Is democracy a good chassis on which to build a political system?
I believe profoundly in the possibilities of democracy, but democracy needs to be emancipated from capitalism. As long as we inhabit a capitalist democracy, a future of racial equality, gender equality, economic equality will elude us.
You ran for vice president on the Communist Party ticket in 1980 and 1984; was that about faith in the democratic process?
It was about suggesting that there are alternatives. No one believed it was possible to win, but the ‘80s [saw] the rise of the globalization of capital, the prison-industrial complex, and it was important to provide some alternative political analyses.
What’s your thinking on communism now?
I still have a relationship, [but] I’m not a member. I left the party because I didn’t feel it was open to the kind of democratization that we needed. I still believe that capitalism is the most dangerous kind of future we can imagine.
Why did communism fail where it did?
That would require a long conversation. There may have been economic democracy, which we lack in the West, but without political and social democracy, it just doesn’t work. I don’t think we should throw the baby out with the bathwater; it would be important to look at what really worked and what didn’t.
Like no free speech?
2016 will be the 50th anniversary of the Black Panther Party; you were a member for a time.
The civil rights movement tended to be focused on integration, but there were those who said, “We don’t want to assimilate into a sinking ship, so let’s change the ship altogether.” The emergence of the Black Panther Party marked a moment of rupture, and we are still in that moment.
The party had two different kinds of activism: grass-roots activism that helped to create institutions that are still working — for example, the Agriculture Department now runs free breakfast programs. On the other hand, the posture of self-defense and monitoring the police.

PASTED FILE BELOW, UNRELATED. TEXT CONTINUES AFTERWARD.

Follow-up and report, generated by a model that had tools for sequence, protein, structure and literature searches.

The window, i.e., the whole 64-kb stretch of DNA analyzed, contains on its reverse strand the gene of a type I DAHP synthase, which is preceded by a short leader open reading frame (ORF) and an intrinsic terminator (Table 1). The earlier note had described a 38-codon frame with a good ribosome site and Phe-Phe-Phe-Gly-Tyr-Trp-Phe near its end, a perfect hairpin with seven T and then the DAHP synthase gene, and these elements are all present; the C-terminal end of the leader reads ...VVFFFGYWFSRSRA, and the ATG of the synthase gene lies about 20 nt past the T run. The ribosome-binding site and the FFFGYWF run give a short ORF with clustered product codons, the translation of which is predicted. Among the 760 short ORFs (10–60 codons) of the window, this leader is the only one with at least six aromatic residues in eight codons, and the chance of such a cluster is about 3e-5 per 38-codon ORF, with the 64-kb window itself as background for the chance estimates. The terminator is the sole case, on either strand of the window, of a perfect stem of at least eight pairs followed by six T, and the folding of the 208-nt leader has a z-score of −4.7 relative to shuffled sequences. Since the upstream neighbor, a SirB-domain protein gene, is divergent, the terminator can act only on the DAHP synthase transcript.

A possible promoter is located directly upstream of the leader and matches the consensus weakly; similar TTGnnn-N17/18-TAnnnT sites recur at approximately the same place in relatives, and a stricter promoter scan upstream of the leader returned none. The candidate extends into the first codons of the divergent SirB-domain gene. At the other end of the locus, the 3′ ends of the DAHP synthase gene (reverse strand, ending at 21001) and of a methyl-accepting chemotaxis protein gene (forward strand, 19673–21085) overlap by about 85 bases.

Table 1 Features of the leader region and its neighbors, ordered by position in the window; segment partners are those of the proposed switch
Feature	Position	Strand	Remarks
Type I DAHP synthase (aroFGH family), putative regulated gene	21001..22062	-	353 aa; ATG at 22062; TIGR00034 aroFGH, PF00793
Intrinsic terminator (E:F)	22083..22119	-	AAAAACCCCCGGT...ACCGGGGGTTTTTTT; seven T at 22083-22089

If one looks at the party 10-point program, every single point is as relevant or more relevant 50 years later. The 10th point includes community control of technology. That was very prescient. It’s about using technologies rather than allowing them to use us.
Some people must still see in you the young woman who endorsed violence against police, violence in political movements.
It’s important to understand the differences between that era and this era. Our relationship with guns was very different, largely revolving around self-defense. Today, when there’s something like 300 million guns in the country, and we’ve experienced these horrendous shootings, we can’t take the same position. I am totally in favor of gun control, of removing guns not only from civilians but also from police.
Guns you owned were used in the 1970 kidnapping and shootout at the Marin County Civic Center. You were acquitted of all charges. I read you purchased the guns for self-defense.
Yes, and I talked about the fact that my father had guns when I was growing up; our families needed to protect themselves from the Ku Klux Klan. We have laws against hate crimes [now]; I am ambivalent about [them] because oftentimes they end up being used against people who were initially the victims. Anti-lynching legislation is issued more against black kids and so-called gangs. Oftentimes the tools against racism are being used in the service of a kind of structural racism.
The documentary “Free Angela and All Political Prisoners” makes much of your relationship with George Jackson, the prison activist killed in Soledad Prison. Too much?
I would have placed the emphasis elsewhere. If you talk to [director Shola Lynch], you’ll see she was working with conventional genres; she sees the film as a political drama, a crime thriller and a love story. Even so, the research she did was quite amazing. She found archival material I had never seen before. She interviewed one of the FBI agents who arrested me, and in that interview, I discovered how they caught me. I’m impressed by the way the film has affected young people. It can help intergenerational conversations that teach me something and teach younger people something.
What became of the radical, personal, confrontational writing of the 1960s and ‘70s?
It’s an interesting question. In many ways we were on our own. We were experimenting. Those experiments are important because without moving into realms about which one knows nothing, there will never be any change.
I expect people say to you, “If you don’t like it in America, why are you here?”
I have lived in other places but this is my home, and I feel committed to transforming this country. I have felt that way since I was a child. My mother was an activist believing in the possibilities of transforming the world. I still have not given that up.
This interview was edited and excerpted from a transcription.